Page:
Australian shares rose 0.7 percent on Tuesday led by gains in banks and consumer goods companies after strong retail sales data, while New Zealand's stock market suffered its biggest single-session fall in nearly a month.
Australian shares rose 0.7 percent on Tuesday led by gains in banks and consumer goods companies after strong retail sales data, while New Zealand’s stock market suffered its biggest single-session fall in nearly a month.
Australian retail sales for June jumped 0.7 percent, beating expectations of 0.5 percent growth. Retail sales in the previous month grew 0.4 percent.
The S&P/ASX 200 index rose 41.1 points to 5,720.5 by 0154 GMT, breaching key psychological resistance at 5,700. The benchmark fell 0.35 percent on Monday.
The index turned a corner last month, rising for the first time since February as investors turned to high-yielding bank shares and risk appetite improved on a more upbeat U.S. economic outlook. The benchmark has risen in six of the last 10 sessions.
“We started on the front foot today with most sectors in positive territory. There is positivity going into earnings. There is optimism outside commodities,” said Ben Le Brun, market analyst at OptionsXpress.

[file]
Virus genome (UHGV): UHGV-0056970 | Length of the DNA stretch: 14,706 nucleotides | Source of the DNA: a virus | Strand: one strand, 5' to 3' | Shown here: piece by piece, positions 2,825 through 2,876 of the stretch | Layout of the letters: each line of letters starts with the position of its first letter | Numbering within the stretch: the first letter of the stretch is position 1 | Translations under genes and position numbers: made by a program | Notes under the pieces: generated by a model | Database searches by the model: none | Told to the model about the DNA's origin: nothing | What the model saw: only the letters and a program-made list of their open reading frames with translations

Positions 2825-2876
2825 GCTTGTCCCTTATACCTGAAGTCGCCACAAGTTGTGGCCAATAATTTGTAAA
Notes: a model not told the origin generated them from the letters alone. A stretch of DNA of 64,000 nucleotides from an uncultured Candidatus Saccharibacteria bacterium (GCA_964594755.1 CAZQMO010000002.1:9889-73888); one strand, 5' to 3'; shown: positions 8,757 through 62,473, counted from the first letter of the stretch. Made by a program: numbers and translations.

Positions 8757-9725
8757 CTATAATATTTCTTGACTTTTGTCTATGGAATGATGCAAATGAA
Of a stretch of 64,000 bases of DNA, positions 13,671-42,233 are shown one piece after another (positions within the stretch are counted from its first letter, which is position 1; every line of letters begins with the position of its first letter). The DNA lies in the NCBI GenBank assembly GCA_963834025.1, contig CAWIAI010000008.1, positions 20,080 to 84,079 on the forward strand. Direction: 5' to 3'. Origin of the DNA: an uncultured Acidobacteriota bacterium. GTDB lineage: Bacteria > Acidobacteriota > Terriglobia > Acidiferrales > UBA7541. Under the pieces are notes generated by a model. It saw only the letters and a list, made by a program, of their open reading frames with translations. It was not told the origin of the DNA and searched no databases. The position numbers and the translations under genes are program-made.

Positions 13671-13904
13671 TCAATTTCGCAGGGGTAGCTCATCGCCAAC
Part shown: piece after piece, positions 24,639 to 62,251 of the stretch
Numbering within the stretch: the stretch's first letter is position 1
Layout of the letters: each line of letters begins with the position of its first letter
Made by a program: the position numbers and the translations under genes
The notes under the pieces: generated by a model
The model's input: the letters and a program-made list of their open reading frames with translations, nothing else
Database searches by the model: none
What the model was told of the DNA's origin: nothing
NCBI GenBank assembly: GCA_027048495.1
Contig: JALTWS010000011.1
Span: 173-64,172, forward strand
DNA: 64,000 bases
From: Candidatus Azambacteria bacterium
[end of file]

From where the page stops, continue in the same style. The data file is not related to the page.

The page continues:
Suncorp Group, which kicked off the reporting season, hit a 5-1/2 month high after posting a 55.2 percent rise in full year net profit.
Consumer discretionary shares rose with Harvey Norman up over 7 percent after a rating upgrade by Credit Suisse. Media companies Fairfax and APN were up about 4 percent each.
Major banks including National Australia Bank and Commonwealth Bank were up 0.5 to 0.9 percent. Miners BHP and Rio Tinto were down 1 percent and 0.4 percent respectively.
Energy-related shares also fell with Santos down 1.8 percent and LNG down 4 percent.
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Investors will be closely watching the Reserve Bank of Australia policy meeting outcome later in the day, when the RBA is expected to hold its cash rate at the current record-low 2.0 percent.
New Zealand’s NZX50 share index was down 0.9 percent to 5,904.4 points after a majority stake in Contact Energy went on sale, prompting investors to sell other stocks to free up funds.
Australia’s Origin Energy said it was selling its 53 percent stake in Contact, which was on a trading halt, through a bookbuild at an underwritten price of NZ$4.65 a share, a 7 percent discount to Contact’s closing price on Monday.
Energy stocks bore the brunt of the selling. Meridian Energy , Genesis Energy and Mighty River Power were all down around 3 percent. The energy utilities sub-index fell 2 percent.
Other leading stocks were also sold as investors booked profits, notably telecommunications company Spark, down 3.2 percent.